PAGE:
Indonesia Tribes

Indonesia starts vaccinating tribal communities

JAKARTA: Indonesia has started vaccinating its tribal communities against coronavirus disease (COVID-19) after resolving an administrative hurdle that prevented them from accessing crucial jabs. The entire Indonesian vaccine target population was required to provide a citizenship identification number, known as a NIK, to register for the vaccine in the first phase of the national immunization campaign.
However, in its order issued on August 3, the Indonesian Ministry of Health said citizens without NIK could also be vaccinated. Tribes in the deep forest of Jambi and Riau provinces on the island of Sumatra were among the first to be vaccinated earlier this month after the order was issued.
They are part of around 70 million indigenous tribes, many of whom live in remote areas and maintain a nomadic and traditional way of life.

Gusrinety, dentist and head of a community health center in Penerokan village of Jambi sub-district in Bajubang, said she and her team vaccinated 21 people from the Suku Anak Dalam tribal community at the community health center. from the neighboring village of Bungku.

“We recorded their data manually. It was their first jab, and they were among those in their community who were ready to get the shot and were not afraid of injections, ”Gusrinety, who uses only one name, told Arab News.

She said it was a good start given the limited infrastructure and facilities, including vaccine supply, difficult terrain to access Bungku, and widespread misinformation about the vaccine.

The tribe members had to travel 2.5 hours by car from their location in the forest to Bungku, facilitated by a concession company operating in the forest, Gusrinety said, as the village is only accessible by four-way vehicles. driving wheels.

Another tribal community that has started receiving vaccines is the Sakai in Riau province, Rukka Sombolinggi, secretary general of the Archipelago Indigenous Peoples Alliance (AMAN), told Arab News.

More than 200 Sakai people, who live in the deep forest of Riau and, like many indigenous peoples, do not have identity cards, received their first dose on Saturday, according to the provincial administration.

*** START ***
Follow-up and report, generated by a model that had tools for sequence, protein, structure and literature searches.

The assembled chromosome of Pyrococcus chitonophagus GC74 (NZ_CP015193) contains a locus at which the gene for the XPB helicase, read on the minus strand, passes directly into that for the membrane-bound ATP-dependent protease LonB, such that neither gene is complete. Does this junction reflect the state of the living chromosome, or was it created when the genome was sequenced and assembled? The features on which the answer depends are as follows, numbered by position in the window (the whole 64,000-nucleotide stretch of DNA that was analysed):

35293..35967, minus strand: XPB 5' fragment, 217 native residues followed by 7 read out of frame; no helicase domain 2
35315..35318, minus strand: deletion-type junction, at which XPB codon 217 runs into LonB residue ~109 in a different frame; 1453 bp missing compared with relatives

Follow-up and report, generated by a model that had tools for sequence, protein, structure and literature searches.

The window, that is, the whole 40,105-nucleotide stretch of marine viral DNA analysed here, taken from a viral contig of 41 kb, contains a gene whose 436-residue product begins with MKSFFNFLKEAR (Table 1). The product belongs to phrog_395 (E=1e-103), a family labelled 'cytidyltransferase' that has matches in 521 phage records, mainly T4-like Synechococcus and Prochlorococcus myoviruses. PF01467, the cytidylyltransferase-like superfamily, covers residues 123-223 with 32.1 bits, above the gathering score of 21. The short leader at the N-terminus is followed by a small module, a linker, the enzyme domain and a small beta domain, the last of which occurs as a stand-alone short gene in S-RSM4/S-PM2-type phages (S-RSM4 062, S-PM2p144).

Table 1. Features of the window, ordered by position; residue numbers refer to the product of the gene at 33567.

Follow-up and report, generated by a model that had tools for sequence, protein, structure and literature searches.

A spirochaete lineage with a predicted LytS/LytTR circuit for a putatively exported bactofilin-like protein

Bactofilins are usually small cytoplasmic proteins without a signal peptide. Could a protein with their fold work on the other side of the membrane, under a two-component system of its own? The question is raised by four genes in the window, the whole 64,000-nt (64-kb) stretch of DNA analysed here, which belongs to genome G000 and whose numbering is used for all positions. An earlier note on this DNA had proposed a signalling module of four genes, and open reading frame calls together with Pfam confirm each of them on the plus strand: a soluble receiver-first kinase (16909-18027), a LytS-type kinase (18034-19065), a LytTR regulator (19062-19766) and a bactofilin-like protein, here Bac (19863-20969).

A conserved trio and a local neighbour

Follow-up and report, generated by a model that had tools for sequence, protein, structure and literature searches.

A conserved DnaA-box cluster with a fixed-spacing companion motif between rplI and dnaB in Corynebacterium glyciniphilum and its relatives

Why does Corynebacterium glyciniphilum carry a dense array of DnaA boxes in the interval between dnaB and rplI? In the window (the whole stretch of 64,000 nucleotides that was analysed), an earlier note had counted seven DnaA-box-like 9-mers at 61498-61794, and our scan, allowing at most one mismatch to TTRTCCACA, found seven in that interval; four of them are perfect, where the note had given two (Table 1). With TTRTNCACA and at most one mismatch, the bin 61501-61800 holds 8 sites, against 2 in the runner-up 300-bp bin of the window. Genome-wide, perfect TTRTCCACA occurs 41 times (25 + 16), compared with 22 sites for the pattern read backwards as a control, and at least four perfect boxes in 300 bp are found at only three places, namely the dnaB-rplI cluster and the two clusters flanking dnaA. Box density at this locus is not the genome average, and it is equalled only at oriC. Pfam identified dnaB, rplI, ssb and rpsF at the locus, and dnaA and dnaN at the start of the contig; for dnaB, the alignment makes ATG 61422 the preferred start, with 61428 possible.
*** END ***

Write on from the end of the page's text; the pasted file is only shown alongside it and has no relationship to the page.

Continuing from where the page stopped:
The health ministry decree came after the Civil Society Coalition for Immunization Access for Indigenous Peoples and Vulnerable Groups, including AMAN, sent a letter to President Joko Widodo on July 29, asking authorities remove barriers such as the lack of NIK for the vulnerable population. of the country, including the native tribes.

AMAN, who represents around 20 million of the total indigenous peoples in Indonesia, said in the letter that as of July 21, only 20,000 members had been vaccinated against COVID-19, with the lack of NIK proving to be the main obstacle. .

“Initially, due to their remote and isolated location and local wisdom, indigenous tribes were relatively immune from exposure to COVID-19, but the emergence of the highly transmissible variant put them in a vulnerable position, “the coalition wrote in the letter.

He added that while the prerequisite of the NIK is essential for administrative purposes, the government must take quiet action given the devastating pandemic that has infected indigenous groups in Tana Toraja and north Toraja in South Sulawesi, Aru Kayau in North Kalimantan, Lamandau in Central Kalimantan and the Aru Islands in the Moluccas.

Sombolinggi said that even though the coalition welcomed the decree, it still requires a campaign to educate tribal people about the importance of vaccines and set up vaccination centers in places more accessible to indigenous communities.

“Having a NIK is a matter of keeping records of those who have received their vaccine, given the scarcity of vaccines. But ultimately, everyone who lives in Indonesia, regardless of their status and nationality, will need to be vaccinated, ”Hermawan Saputra of the Indonesian Association of Public Health Experts told Arab News.

The Indonesian government aims to vaccinate 208 million out of its 270 million inhabitants by the end of the year.

As of Tuesday, Indonesia had administered more than 84 million vaccines, including 29 million to those who had received two doses of the vaccine.

“We are working hard to reach 100 million injections administered by the end of this month,” Health Minister Budi Gunadi Sadikin told a press conference on Monday.

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